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Review

Open Roads Review

The only impossible journey is the one you never begin

The journey of narrative adventure game Open Roads is one of bitter realisations, difficult choices, and humble conclusions. That’s just as much a reflection of Tess Devine’s road trip with her mother as it is the development of the game itself. Following allegations against the founder of Fullbright, the studio that originally brought us Gone Home and Tacoma, those remaining splintered away to form the Open Roads Team to complete development of this interactive mystery under Annapurna Interactive. Whether art imitates life can be debated, but it’s hard not to see the similarities of loss, struggle, and determination when you know the full picture, accidental or otherwise.

With the unfortunate passing of her mother, Opal and her daughter must navigate the difficult task of packing up their lives to move out of the family home. Unbeknownst to them, they uncover a mystery that sets them on a road trip to discover the truth about their family heritage, drudging up loving and challenging memories of Opal’s past that leave both mother and daughter questioning what they thought they knew.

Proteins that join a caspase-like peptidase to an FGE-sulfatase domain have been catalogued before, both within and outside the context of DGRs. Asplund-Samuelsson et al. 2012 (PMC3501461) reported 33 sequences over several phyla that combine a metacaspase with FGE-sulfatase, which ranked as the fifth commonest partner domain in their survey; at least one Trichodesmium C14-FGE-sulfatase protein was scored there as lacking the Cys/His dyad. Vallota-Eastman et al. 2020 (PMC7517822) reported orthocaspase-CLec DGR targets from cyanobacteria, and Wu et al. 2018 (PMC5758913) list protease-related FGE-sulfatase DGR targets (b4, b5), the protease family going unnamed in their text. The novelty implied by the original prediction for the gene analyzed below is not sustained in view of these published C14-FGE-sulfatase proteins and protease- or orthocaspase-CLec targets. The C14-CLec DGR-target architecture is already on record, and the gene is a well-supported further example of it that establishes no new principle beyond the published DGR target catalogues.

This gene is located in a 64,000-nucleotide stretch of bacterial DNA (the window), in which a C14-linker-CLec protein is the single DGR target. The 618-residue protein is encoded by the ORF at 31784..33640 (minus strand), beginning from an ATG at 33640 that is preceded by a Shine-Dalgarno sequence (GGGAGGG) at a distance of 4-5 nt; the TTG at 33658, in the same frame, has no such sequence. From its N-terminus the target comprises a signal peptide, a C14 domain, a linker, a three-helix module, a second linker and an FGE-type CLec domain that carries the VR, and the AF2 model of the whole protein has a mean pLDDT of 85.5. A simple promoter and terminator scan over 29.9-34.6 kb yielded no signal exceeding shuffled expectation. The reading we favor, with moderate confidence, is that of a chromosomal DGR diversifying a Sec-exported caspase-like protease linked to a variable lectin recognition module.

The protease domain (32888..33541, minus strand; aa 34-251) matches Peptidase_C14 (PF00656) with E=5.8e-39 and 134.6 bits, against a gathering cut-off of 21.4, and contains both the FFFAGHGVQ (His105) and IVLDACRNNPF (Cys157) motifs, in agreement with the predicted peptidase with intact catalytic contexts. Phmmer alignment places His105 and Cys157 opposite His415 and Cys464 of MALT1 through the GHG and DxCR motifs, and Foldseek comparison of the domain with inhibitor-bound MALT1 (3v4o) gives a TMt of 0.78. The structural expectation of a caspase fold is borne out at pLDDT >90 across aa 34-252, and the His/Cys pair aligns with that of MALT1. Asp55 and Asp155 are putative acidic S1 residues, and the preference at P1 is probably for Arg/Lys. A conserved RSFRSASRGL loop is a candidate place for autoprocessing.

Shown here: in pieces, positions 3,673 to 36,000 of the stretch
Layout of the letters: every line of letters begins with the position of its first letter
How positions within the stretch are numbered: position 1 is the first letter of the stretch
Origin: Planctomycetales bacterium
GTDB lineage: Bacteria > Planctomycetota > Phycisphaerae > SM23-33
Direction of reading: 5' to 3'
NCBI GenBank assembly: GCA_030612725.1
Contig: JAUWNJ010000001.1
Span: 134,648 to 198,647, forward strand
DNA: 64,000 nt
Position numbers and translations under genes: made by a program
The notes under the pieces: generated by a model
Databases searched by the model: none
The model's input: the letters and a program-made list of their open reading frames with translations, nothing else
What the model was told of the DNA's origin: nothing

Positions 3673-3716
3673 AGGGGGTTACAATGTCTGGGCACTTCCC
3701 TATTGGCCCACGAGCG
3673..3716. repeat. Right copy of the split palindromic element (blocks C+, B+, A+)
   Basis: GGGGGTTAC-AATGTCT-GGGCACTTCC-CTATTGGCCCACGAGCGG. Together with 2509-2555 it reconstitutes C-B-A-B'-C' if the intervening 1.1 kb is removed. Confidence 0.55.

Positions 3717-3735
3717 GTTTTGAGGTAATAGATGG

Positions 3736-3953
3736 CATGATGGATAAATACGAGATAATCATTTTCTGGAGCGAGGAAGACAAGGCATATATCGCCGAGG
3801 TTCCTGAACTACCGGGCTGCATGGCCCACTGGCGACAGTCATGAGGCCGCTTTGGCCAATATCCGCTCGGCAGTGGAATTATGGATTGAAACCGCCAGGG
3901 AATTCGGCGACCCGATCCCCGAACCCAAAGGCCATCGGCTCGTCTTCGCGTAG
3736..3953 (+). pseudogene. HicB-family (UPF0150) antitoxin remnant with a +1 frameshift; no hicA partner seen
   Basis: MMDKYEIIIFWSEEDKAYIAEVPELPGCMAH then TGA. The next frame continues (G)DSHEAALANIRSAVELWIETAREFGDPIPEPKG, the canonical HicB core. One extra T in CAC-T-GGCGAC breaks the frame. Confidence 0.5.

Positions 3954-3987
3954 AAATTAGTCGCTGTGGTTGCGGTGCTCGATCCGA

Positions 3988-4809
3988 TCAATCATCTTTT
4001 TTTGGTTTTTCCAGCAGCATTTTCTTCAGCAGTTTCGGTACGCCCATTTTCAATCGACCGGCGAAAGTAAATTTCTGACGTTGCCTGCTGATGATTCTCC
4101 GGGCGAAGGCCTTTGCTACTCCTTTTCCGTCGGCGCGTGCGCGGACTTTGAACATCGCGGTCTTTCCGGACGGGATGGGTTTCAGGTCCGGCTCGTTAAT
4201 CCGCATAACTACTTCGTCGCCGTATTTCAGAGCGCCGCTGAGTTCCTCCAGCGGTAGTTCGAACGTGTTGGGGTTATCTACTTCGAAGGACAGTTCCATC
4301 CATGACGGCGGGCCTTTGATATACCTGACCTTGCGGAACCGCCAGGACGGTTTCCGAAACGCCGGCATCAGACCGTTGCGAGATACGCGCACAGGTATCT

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What follows is a first-person journey through a handful of locations, involving some slight puzzle-solving and dialogue options, as Opal and Tess butt heads over family life, the struggle to be a single mother when everything around you seemingly falls apart, and the dangers of believing a story without knowing all the facts. It’s a rather short tale, surprisingly shorter than I remember Gone Home or Tacoma being in comparison, nor is it as complex as Life is Strange. It’s hardly head scratching material; you will be lightly guided from one moment to the next  and on occasion what you uncover will lead to further interactions between the pair that may open other dialogue results elsewhere.

Its key actors, Keri Russell as Opal and Kaitlyn Dever as Tess, more than make up for the short run-time, both delivering compelling, emotionally driven performances with a touch of humour. Combined with its hand-drawn characters, the results are enjoyable as you uncover each twist, though something still clawed at the back of my head. With most of the dialogue coming across realistically, it was a shame that I was listening to them more than watching, as the characters moved a handful of frames at a time. The original teaser trailer suggested a greater level of animation than what’s on show here, and I couldn’t help but wonder whether all the behind-the-scenes issues impacted the original vision for the project. If this was indeed what the studio intended, it feels like a missed opportunity.